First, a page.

Missed-finding Allegations and Hindsight Bias in Radiological Malpractice Suits

When a missed finding on an imaging scan is alleged, the finding can suddenly seem so obvious in the present that you or others believe it could have, or should have, been spotted immediately.

At Physicians Insurance, we know these allegations are never as obvious as they may seem. But how do you prove that? Here are takeaways from a recent radiology case in which we addressed this question head-on.


The problem

The Physicians Insurance member in the case was a radiologist who was alleged to have negligently missed an incidental finding on a low-dose lung-cancer screening CT. While the insured radiologist correctly found no signs of lung cancer, he missed a lesion growing on the patient’s spine, resulting in the delayed diagnosis of recurrent breast cancer. 

For background, the patient had a remote history of breast cancer and had previously undergone a double mastectomy. The provider who ordered the lung-cancer screening did not think that breast cancer was the likely cause of her complaint at the time the lung CT was ordered.

Leveraging Cleareview

Even though the missed finding seemed obvious in hindsight—and though the insured radiologist felt very badly about the impact on the patient—the radiologist also believed that many of his peers would also have missed the lesion because of certain factors in the case.

To gain more insight, the Physicians Insurance team utilized a method called Cleareview to objectively assess how other radiologists would review the same case. 

This method removes the bias of knowing that a particular outcome is present in the image by providing consulting radiologists with several sets of de-identified images. The image in question is among the sets, but the reviewing radiologists (1) don’t know which image is part of the case, and (2) are not told there is anything inherently wrong in the images. They are asked to simply review all of the images and give their impressions.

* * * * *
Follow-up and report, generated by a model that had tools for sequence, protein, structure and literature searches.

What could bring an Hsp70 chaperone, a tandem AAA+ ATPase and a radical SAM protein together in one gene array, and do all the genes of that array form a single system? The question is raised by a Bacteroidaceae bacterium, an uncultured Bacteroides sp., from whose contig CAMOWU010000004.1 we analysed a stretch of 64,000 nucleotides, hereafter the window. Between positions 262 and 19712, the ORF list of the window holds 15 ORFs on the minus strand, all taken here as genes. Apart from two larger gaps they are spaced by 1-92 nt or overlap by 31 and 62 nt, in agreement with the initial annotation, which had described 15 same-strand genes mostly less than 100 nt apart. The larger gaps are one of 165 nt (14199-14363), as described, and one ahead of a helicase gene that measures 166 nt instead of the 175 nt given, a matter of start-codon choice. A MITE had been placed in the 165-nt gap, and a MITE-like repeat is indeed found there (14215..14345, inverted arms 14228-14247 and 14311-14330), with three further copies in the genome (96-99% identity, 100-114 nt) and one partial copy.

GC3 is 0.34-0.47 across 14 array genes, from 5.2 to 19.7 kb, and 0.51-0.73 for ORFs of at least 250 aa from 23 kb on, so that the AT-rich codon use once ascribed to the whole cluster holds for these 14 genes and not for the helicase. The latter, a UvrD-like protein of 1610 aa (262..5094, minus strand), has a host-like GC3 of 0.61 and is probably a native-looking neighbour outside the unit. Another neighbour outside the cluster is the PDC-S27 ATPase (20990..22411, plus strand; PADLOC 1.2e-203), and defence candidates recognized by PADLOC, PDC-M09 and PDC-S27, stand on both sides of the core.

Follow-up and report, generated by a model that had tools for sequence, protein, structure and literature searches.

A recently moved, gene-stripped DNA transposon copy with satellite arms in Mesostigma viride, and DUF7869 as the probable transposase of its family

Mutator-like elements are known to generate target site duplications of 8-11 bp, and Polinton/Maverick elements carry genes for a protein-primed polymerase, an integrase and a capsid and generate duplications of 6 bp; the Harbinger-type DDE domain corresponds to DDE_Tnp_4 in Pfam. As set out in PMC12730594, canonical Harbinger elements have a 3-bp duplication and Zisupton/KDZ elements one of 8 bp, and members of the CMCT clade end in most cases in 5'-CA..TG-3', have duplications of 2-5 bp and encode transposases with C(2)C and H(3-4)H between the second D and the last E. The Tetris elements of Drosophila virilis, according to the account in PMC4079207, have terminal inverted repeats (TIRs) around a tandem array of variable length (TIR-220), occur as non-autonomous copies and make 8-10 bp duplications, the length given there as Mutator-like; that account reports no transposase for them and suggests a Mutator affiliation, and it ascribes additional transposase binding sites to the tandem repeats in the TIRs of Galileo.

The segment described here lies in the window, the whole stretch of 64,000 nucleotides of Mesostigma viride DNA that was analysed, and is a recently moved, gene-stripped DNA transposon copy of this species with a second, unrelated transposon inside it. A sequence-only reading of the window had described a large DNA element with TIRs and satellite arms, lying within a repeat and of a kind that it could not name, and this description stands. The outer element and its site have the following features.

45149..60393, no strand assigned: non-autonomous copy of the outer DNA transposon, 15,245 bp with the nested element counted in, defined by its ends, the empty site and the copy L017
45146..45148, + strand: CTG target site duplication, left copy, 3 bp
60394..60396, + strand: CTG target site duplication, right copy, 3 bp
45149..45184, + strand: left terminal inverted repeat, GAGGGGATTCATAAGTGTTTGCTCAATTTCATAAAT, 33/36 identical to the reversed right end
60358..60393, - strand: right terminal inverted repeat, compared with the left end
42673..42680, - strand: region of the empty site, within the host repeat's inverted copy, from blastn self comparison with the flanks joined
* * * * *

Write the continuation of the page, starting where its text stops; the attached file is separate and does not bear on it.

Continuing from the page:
In this Cleareview study, the two board-certified radiologists who were consulted missed the finding that was the subject of the litigation, demonstrating that it was not as clear and obvious as it might seem. 

The defense focus: process, not perfection

In devising a legal strategy, the Physicians Insurance team focused on this key question: At the time the insured radiologist was reviewing the study, did he exercise reasonable care? 

In other words, the case wasn’t about whether he missed the finding or didn’t miss it, or whether the finding was there or wasn’t there, explains Scott O’Halloran, JD, lead defense counsel. 

“The issue is whether he used a reasonable process,” O’Halloran says. “We know that radiologists can’t guarantee that they’re going to find everything, and that’s not their job. Their job is to use a good process every time.” 

What role did hindsight bias play?

In missed-finding cases that go to trial, a plaintiff’s attorney wants to convince a jury that because we can see the finding now, a radiologist should naturally have seen it, too.

For the defense, addressing and removing hindsight bias was a major hurdle to overcome in the case. Along with sharing the evidence of the Cleareview study, the defense implemented a multifaceted strategy to help the jury better understand the context of the missed finding and ultimately reach a defense verdict. 

How did Physicians Insurance defend against the allegation?